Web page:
The industry is resisting the adaption of streaming; and it’s been even further compounded now that Netflix and Starz have been unable to reach an agreement to renew their contract.  But this was all the same with the MP3 era – it took record companies YEARS to adjust to a digital age.  Looks like the movie studios haven’t learned anything.  Nobody wants to go pay 12 bucks to see 20 minutes of ads and previews and a movie that they can stream from their home 3 months later at a much cheaper rate without any ad/previews.  People aren’t going to keep buying 5 editions of the same movie on DVD/Blu-ray (DIRECTOR’S CUT.  ULTIMATE EXTENDED EDITION.  ULTRA DEATH PERISH EDITION).

Streaming media is changing the movie industry.  The customer holds a lot more of the cards, and at some point you better realize it.

My Evolution of Music

Music can soothe the soul, amplify emotions, and change the way we experience many situations.  Some music helps me concentrate and focus while I’m working.  Some music brings me back to certain memories and times/places in my life.  Some music embraces the various traits of my personality.   But overall, I love music and have spent the last couple weeks searching for a better, smarter way to utilize music in my life.  I’ll call it my next “stage” of music evolution (More on this to follow).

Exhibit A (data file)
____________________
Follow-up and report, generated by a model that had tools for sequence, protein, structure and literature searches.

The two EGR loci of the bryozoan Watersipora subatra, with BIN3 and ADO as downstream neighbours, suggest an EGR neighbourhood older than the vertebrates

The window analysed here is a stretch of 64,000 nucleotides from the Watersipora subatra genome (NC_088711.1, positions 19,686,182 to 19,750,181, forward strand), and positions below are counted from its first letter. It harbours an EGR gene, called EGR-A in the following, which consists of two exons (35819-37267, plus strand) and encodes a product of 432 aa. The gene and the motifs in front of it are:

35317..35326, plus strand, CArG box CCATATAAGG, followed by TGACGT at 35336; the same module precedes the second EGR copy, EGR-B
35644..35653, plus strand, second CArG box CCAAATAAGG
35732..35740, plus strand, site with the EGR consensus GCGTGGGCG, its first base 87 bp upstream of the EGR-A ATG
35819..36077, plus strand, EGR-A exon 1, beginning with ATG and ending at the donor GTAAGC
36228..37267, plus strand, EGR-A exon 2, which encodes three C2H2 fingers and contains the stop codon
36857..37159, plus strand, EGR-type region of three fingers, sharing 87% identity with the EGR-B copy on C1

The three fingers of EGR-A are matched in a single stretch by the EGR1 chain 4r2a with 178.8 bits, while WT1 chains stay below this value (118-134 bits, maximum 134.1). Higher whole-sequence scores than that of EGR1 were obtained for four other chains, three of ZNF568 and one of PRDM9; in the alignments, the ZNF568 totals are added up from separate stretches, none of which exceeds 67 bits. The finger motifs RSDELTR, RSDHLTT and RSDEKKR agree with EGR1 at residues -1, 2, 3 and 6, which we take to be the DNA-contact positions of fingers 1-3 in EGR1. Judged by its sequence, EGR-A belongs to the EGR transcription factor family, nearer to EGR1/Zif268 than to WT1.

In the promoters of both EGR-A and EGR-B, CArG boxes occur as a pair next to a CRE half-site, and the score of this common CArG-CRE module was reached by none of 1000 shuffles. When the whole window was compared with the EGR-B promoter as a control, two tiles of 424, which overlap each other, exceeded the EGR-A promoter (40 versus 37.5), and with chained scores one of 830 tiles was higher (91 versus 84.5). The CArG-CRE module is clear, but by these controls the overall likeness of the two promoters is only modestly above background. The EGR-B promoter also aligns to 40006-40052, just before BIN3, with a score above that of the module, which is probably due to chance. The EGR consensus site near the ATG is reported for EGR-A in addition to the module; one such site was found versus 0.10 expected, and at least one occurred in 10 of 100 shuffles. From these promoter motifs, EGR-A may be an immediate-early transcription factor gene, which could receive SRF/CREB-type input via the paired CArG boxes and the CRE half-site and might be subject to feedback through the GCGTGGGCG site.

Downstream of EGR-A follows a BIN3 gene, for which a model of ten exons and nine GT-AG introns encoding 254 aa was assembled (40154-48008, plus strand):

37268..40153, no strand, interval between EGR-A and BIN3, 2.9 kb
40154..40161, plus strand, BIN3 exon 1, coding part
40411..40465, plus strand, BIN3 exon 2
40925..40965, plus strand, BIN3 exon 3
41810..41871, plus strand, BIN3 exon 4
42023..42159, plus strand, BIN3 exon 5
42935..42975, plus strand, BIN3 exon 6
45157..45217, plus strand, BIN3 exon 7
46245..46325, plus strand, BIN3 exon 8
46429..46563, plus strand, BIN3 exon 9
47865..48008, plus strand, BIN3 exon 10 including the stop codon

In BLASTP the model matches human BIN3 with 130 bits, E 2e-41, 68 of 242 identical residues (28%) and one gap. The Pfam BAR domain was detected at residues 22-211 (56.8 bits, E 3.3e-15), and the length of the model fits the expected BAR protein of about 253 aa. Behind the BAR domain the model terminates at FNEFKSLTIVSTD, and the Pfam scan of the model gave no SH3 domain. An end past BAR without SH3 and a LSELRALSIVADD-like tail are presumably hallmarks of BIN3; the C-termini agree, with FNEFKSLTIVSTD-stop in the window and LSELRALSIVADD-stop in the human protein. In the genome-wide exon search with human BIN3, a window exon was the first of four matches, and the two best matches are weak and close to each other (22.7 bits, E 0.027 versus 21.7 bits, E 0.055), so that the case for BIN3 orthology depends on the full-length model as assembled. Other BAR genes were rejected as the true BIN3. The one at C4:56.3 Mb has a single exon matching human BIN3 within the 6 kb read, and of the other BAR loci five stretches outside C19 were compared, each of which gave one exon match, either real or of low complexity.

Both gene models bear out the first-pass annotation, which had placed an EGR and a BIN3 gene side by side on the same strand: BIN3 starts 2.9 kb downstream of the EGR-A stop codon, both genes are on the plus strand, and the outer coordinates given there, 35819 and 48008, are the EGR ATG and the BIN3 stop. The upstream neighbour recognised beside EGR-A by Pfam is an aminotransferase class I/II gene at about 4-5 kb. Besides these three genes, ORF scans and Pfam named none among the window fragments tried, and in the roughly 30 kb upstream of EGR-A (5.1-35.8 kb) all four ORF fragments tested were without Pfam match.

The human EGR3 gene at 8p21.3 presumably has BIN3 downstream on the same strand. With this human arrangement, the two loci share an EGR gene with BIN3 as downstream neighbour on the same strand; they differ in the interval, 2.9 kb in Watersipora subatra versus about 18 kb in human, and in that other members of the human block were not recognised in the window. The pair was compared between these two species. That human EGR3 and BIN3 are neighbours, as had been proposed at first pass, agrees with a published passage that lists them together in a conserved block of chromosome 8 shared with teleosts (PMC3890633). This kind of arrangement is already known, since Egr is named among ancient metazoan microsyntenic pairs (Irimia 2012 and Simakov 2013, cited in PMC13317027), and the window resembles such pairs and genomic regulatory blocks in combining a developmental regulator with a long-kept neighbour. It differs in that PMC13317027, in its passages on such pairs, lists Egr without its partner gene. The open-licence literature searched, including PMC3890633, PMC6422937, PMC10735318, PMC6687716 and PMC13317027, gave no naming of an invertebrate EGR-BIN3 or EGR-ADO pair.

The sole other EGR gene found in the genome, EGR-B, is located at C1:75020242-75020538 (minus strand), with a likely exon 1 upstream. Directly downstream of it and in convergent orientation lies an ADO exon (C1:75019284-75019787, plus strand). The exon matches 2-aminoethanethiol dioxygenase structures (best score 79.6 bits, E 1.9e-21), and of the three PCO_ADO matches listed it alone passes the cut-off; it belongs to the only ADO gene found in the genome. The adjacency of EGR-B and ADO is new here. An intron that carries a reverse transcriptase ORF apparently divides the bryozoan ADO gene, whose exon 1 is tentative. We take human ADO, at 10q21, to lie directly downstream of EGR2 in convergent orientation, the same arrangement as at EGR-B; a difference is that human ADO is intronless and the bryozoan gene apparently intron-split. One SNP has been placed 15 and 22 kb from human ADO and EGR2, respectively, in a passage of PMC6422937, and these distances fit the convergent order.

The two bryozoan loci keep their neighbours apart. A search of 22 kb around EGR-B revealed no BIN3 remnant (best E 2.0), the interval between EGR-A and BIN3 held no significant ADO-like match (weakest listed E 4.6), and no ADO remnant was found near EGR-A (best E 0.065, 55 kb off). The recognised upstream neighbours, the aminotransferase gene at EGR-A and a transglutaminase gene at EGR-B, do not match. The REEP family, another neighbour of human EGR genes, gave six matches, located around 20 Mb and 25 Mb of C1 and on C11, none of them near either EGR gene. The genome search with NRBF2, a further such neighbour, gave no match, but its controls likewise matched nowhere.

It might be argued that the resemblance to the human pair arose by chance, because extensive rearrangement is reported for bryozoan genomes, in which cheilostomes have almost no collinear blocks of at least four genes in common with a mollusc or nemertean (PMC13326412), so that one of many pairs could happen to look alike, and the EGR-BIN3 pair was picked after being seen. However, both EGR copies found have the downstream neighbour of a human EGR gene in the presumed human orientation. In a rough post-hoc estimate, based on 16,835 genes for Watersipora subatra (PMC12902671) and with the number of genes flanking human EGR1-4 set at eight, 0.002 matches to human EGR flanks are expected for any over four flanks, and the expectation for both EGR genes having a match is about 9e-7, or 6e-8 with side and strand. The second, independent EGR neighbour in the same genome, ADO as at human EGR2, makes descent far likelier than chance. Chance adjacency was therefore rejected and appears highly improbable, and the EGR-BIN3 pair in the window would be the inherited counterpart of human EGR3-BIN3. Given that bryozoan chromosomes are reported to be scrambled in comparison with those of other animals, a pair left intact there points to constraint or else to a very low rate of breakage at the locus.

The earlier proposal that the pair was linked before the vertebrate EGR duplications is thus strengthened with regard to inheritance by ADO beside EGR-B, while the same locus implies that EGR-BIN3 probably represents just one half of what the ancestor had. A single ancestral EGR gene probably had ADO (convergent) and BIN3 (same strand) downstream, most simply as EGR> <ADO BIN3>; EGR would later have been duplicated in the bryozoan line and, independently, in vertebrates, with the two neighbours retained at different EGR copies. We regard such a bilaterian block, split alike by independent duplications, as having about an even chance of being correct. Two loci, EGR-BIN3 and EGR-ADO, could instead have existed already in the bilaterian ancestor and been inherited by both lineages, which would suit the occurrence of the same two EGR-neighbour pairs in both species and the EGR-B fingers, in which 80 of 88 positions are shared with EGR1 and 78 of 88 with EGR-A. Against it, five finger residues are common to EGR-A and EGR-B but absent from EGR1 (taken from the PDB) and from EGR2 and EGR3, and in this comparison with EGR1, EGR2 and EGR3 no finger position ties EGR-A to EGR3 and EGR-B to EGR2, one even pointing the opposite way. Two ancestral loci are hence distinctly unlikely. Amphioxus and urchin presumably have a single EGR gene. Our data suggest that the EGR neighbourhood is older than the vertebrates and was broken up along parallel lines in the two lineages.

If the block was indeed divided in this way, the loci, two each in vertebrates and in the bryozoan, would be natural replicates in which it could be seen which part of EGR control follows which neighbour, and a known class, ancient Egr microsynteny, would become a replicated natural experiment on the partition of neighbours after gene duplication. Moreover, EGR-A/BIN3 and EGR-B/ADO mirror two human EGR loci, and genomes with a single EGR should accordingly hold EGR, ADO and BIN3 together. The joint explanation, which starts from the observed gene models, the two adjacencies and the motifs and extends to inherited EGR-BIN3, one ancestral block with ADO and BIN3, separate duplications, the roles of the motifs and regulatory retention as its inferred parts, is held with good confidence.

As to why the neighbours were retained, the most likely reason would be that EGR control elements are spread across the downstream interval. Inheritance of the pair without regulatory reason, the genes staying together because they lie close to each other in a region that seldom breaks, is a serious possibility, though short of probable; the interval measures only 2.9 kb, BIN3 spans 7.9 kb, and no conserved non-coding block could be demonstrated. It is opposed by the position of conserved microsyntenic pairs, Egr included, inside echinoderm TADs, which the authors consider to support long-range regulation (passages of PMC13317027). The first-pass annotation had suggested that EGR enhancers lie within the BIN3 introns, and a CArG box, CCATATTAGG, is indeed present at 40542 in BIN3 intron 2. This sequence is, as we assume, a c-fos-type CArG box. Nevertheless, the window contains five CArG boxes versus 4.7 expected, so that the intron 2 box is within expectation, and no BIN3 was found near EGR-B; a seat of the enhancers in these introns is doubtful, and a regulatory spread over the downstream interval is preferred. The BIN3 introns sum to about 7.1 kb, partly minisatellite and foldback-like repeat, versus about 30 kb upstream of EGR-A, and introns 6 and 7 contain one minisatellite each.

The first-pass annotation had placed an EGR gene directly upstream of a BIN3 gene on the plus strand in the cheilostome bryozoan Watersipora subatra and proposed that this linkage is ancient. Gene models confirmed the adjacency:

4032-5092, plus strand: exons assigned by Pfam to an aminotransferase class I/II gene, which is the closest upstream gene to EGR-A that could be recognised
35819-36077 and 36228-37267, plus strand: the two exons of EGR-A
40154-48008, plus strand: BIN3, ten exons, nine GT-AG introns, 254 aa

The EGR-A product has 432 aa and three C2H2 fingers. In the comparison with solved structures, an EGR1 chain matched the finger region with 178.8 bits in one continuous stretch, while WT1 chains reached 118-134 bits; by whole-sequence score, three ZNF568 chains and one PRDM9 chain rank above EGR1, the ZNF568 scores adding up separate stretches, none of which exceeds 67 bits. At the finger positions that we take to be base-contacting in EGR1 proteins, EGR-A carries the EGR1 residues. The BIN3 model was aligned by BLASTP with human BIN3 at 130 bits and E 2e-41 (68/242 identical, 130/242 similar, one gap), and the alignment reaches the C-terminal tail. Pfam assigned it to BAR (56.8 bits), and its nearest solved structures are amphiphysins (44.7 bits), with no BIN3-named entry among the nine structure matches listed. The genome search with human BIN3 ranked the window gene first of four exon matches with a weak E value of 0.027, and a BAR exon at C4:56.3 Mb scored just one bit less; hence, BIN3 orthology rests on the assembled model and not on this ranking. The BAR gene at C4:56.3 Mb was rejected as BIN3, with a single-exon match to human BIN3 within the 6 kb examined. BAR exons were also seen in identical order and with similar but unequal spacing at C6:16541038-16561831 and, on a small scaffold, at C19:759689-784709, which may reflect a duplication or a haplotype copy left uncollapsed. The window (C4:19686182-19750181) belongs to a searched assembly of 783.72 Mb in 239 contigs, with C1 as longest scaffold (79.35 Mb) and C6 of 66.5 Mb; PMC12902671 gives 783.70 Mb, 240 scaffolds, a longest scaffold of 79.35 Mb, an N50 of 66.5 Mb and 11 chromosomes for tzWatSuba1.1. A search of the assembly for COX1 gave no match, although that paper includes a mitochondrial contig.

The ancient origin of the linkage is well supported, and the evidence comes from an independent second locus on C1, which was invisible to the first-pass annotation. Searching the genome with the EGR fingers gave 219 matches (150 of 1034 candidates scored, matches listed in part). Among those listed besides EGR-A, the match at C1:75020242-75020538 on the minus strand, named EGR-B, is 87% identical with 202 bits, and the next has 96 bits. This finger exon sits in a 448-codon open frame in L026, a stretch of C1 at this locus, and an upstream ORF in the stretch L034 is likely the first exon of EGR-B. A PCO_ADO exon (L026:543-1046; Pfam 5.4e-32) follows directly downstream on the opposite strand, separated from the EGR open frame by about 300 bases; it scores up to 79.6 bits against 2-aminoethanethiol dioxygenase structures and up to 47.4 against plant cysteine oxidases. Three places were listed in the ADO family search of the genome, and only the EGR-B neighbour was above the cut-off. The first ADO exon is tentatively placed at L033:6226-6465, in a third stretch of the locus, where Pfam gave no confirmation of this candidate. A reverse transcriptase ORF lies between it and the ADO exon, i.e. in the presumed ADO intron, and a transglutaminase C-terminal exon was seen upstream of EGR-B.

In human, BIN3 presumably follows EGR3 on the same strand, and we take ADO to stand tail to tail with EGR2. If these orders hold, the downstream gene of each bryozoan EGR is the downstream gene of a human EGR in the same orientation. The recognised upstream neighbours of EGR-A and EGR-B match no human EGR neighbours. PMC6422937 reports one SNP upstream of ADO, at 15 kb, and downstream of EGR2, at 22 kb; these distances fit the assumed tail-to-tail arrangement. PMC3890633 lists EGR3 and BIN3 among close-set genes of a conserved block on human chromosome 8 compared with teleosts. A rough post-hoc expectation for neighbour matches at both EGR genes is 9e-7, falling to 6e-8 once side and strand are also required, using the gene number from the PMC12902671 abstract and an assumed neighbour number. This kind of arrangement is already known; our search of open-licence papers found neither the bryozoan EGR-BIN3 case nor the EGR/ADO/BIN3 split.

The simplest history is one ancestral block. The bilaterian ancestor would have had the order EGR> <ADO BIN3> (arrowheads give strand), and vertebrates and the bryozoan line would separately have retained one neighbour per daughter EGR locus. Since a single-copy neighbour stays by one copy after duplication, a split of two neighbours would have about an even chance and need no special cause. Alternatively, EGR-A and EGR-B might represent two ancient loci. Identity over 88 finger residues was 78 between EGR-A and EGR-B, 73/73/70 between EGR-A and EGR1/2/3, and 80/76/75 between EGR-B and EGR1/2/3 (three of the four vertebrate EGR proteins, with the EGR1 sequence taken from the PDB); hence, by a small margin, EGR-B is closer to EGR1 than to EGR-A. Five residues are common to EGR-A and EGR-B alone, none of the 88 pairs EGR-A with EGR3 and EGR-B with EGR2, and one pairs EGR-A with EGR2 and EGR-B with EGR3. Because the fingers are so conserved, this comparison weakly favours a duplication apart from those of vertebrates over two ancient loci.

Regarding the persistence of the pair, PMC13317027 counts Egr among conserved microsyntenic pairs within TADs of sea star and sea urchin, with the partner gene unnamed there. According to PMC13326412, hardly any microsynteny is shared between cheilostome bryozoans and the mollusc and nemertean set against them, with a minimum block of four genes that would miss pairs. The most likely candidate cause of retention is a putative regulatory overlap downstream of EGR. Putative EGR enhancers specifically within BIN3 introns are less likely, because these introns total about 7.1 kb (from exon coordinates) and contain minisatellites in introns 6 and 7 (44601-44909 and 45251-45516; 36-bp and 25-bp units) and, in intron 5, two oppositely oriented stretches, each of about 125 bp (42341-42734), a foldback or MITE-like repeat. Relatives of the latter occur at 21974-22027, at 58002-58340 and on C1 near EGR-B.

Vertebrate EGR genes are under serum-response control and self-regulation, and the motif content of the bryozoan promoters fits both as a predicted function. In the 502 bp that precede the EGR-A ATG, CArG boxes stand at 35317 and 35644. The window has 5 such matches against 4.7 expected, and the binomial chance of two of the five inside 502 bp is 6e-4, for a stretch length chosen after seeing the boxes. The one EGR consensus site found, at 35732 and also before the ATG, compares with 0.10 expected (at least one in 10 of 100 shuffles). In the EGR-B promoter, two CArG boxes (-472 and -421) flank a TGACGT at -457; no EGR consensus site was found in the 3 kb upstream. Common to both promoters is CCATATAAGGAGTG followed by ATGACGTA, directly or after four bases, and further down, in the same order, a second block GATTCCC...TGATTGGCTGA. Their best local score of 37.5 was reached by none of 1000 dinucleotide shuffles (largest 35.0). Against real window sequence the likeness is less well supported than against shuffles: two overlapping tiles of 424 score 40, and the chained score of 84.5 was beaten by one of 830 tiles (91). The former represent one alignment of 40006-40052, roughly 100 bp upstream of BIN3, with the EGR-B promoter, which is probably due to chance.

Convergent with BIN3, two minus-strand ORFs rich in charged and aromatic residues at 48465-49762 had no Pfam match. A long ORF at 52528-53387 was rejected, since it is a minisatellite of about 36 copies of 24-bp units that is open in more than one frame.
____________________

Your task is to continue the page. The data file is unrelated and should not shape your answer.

I’m looking for an on-demand, streaming, intelligent way to get to this next level.   I think about how Netflix changed the way I watch movies forever (I haven’t bought a movie on DVD/BluRay/etc since 2007 when I joined Netflix) – and more or less I’d like to find  a service that can do the same thing for my music…

Last.fm, Slacker Radio, Pandora, GrooveShark, Lala, etc.  The list goes on and on for web-based services allowing you to stream, organize, and overall just get more connected with your music.  These are exactly the kind of thing I’m looking for, and I see them as being heavily inolved in my future of music.   So, I’ve been trying to figure out which service(s) work best for me.  My main criteria are as follows:

  • An easy way to stream music
  • A blackberry/iPod capable mobile app
  • Help find new music that I enjoy
  • Rely less (much less) on my iPod

With those criteria in mind, I narrowed my field and focused on two services: Pandora and Grooveshark.  They are each somewhat similar, and they each have their pros and cons.